Australian News

AUSTRALIA HUMAN TRAFFICKING REPORT: AFP Police Confirm Complaints On Increase in 2022/23 Here’s What Is Known


AceNewsDesk – Complaints of human trafficking in Australia continues to increase year on year, with the AFP receiving 340 reports of offences including forced marriage and sexual servitude in just 12 months over the 2022/23 financial year.


Ace Press News From Cutting Room Floor: Published: Dec.10: 2023: AFP Police News: TELEGRAM Ace Daily News Link

The increase in reports come as the AFP completes the national rollout of the Look-a-Little-Deeper campaign, a program aimed at helping law enforcement identify the indicators of human trafficking and slavery. The program has been delivered to more than 3000 participants from police agencies and other government departments, across 137 presentations.

The 2022/23 financial year data represents an increase of 46 reports compared to the 2021/22 financial year. In the 12 months of the 2022/23 financial year, the AFP received:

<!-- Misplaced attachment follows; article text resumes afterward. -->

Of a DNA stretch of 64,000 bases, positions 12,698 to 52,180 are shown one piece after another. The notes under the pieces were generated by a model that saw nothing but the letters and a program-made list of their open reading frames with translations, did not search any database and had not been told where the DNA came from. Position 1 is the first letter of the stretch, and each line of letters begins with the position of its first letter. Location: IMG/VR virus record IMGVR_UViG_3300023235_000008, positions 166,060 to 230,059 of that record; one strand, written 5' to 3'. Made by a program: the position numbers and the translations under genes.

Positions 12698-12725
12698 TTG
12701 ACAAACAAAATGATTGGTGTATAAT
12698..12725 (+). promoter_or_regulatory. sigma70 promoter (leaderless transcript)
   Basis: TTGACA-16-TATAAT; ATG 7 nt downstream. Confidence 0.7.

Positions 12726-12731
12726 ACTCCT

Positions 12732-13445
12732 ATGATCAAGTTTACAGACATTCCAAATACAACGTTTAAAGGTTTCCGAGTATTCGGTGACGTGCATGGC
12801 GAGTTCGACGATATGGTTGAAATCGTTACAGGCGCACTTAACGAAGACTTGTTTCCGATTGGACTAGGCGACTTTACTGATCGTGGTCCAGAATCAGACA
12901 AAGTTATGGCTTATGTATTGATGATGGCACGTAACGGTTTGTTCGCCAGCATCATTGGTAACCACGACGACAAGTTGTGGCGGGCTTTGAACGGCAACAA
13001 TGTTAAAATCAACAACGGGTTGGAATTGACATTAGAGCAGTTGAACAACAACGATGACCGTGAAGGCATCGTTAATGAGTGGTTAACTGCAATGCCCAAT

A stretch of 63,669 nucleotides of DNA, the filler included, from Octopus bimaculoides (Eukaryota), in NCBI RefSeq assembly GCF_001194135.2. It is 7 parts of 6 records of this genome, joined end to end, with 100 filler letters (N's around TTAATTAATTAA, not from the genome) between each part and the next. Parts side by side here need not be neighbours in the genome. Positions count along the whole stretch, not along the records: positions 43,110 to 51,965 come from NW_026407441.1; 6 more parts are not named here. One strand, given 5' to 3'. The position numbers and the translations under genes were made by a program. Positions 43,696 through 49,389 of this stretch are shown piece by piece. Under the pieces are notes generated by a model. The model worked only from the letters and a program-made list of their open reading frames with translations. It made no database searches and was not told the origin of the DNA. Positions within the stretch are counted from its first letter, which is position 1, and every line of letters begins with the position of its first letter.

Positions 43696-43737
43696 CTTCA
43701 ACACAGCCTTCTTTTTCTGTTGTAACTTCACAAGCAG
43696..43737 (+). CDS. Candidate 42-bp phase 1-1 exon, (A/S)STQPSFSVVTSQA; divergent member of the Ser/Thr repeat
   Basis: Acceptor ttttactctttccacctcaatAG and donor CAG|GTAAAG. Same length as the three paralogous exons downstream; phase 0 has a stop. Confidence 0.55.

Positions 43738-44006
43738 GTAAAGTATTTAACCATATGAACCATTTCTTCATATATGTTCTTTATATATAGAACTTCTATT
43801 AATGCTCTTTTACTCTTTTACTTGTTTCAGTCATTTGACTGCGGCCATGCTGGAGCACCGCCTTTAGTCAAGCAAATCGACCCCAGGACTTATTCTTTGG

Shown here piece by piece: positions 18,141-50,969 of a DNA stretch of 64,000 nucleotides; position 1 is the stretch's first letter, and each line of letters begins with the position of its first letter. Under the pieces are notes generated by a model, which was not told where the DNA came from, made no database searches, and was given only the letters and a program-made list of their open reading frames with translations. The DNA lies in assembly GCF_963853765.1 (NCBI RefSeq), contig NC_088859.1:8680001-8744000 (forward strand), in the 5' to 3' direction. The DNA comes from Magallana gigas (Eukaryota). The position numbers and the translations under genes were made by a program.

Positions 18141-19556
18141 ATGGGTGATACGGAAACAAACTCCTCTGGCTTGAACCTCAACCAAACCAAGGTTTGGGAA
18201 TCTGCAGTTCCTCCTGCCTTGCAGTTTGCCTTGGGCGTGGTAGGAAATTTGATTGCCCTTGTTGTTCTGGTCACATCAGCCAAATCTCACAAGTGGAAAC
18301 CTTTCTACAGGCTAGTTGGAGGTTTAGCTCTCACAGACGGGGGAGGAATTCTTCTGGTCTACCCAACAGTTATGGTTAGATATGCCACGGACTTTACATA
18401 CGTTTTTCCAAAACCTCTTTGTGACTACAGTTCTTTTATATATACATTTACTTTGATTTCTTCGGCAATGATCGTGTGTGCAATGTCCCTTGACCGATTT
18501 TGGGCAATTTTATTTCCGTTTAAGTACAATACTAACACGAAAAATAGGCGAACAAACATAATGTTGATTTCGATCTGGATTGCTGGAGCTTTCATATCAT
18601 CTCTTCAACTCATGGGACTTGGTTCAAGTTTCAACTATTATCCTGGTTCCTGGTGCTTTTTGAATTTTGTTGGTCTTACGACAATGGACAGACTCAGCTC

• 90 reports of forced marriage;
  • 90 reports of trafficking (inclusive of entry, exit and child trafficking);
  • 73 reports of sexual exploitation;
  • 43 reports of forced labour;
  • 18 reports of debt bondage;
  • 16 reports of domestic servitude;
  • 6 reports of deceptive recruitment; and
  • 4 reports of slavery.

AFP Commander Human Exploitation Helen Schneider said the AFP took a victim-centric approach to human trafficking investigations, prioritising the victim-survivor’s needs, personal safety and interests.

“Disrupting human trafficking represents an excellent outcome. Instead of prosecuting a forced marriage, if we can prevent it from occurring in the first place then it’s a positive for the investigators and the would-be victim,” Commander Schneider said.

“Investigators also look for opportunities to disrupt and prevent human trafficking offences, as well as educating the community.”

In 2022, the AFP became aware of a woman who was being threatened with a forced marriage by members of her family. Assistance was provided to the woman, including relocating her to new accommodation and a travel alert was placed to prevent her from being forced to travel overseas.